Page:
Baptist Health of Arkansas: Dedicated to Wellness, Driven by Purpose
In late 1920, the Arkansas Baptist State Convention purchased the former Little Rock Sanitarium property in downtown Little Rock to build a new hospital to serve the state of Arkansas and began temporary operations in the sanitarium building. On February 16, 1921, the Pulaski County Circuit Court incorporated the Baptist State Hospital, giving the hospital official standing as a legal entity.
Although the original hospital opened its doors with less than a hundred beds, the small building served 1,315 patients during its first year of operation. From the humble beginnings of Baptist State Hospital through the 100 years it has taken to become the Baptist Health system we know today, the purpose has remained the same—to create a healthier community through Christian compassion and innovative services.
Healthcare has changed significantly since the hospital first opened. During the 1920s, patients were charged $2 per day for ward beds and $4.30 for a private room with the fees including “all ordinary medicines, surgical dressings, rooms, meals and services of floor nurses and interns.” The operating rooms cost $10 for major surgical cases and $6 for minor cases.
As new treatments and technologies developed, Baptist Health remained committed to providing cutting-edge care, including:
- The first eye bank in Arkansas
- The first “blue baby” heart surgery in the state
- The first psychiatric unit in a private Arkansas hospital
- The state’s first cobalt therapy unit in a private hospital
- The state’s first open-heart surgery done in a private hospital
- The first heart transplant surgery in Arkansas
- The first hospital in Arkansas to perform single site robotic surgery
Today, Baptist Health is Arkansas’ most comprehensive healthcare organization with more than 250 points of access that include 11 hospitals, urgent care centers, a senior living community, and over 100 primary and specialty care clinics in Arkansas and eastern Oklahoma. The system additionally offers a college with studies in nursing and allied health, a graduate residency program, and access to virtual care through a mobile app. Baptist Health, as the largest not-for-profit health care organization based in Arkansas, provides care to patients wherever they are through the support of approximately 11,000 employees, groundbreaking treatments, renowned physicians, and community outreach programs.
Baptist Health will improve the health of Arkansans by changing the way healthcare is delivered.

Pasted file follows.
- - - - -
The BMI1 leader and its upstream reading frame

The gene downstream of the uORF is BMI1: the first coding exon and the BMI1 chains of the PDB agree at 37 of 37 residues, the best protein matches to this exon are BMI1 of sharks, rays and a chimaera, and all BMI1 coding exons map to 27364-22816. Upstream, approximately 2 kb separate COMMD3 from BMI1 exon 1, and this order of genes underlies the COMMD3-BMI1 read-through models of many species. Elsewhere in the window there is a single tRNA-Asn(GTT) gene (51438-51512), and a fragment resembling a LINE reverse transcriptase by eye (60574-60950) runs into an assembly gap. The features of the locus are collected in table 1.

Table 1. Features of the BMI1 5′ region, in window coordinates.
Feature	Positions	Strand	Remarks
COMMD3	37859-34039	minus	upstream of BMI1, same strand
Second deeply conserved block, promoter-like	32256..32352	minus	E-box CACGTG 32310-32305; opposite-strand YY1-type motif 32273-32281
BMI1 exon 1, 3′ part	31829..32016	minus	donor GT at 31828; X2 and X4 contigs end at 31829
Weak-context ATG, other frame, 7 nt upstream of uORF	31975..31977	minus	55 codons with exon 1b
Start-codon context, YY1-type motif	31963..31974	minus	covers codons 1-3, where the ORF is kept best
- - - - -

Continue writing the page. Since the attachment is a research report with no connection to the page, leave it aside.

Baptist Health exists to provide quality patient-centered services, promote and protect the voluntary not-for-profit healthcare system, provide quality health education, and respond to the changing health needs of the residents of Arkansas with Christian compassion and personal concern.
Baptist Health is more than a business –– it is a healing ministry. Our healing ministry is based on the revelation of God through creation, the Bible, and Jesus Christ. At Baptist Health, care of the whole person –– body, mind, and spirit –– is an expression of Christian faith. We are instruments of God’s restorative power and are responsible for giving compassionate care.
In fulfilling our mission, we place special emphasis on the values of service, honesty, respect, stewardship, and performance.
Quality service is the foundation of any successful business and is even more essential in the provision of healthcare. Our success is dependent on each employee’s desire and commitment to serve others.
Adherence to the moral values of fairness, integrity, and honor in all relationships is a major priority.
All people are to be treated as individuals with courtesy and thoughtfulness. Respect for each person’s dignity and worth is essential. Patients are to be treated with concern and compassion.
We prudently commit our resources, using our talents and strengths in an effective and efficient manner. Our facilities and equipment are maintained with pride.
Desired characteristics of Baptist Health employees include initiative, dedication, talent, and knowledge tempered by common sense. The highest possible performance from all employees is expected, but never at the expense of our values. It is imperative that complacency and mediocrity be avoided through innovation and progress.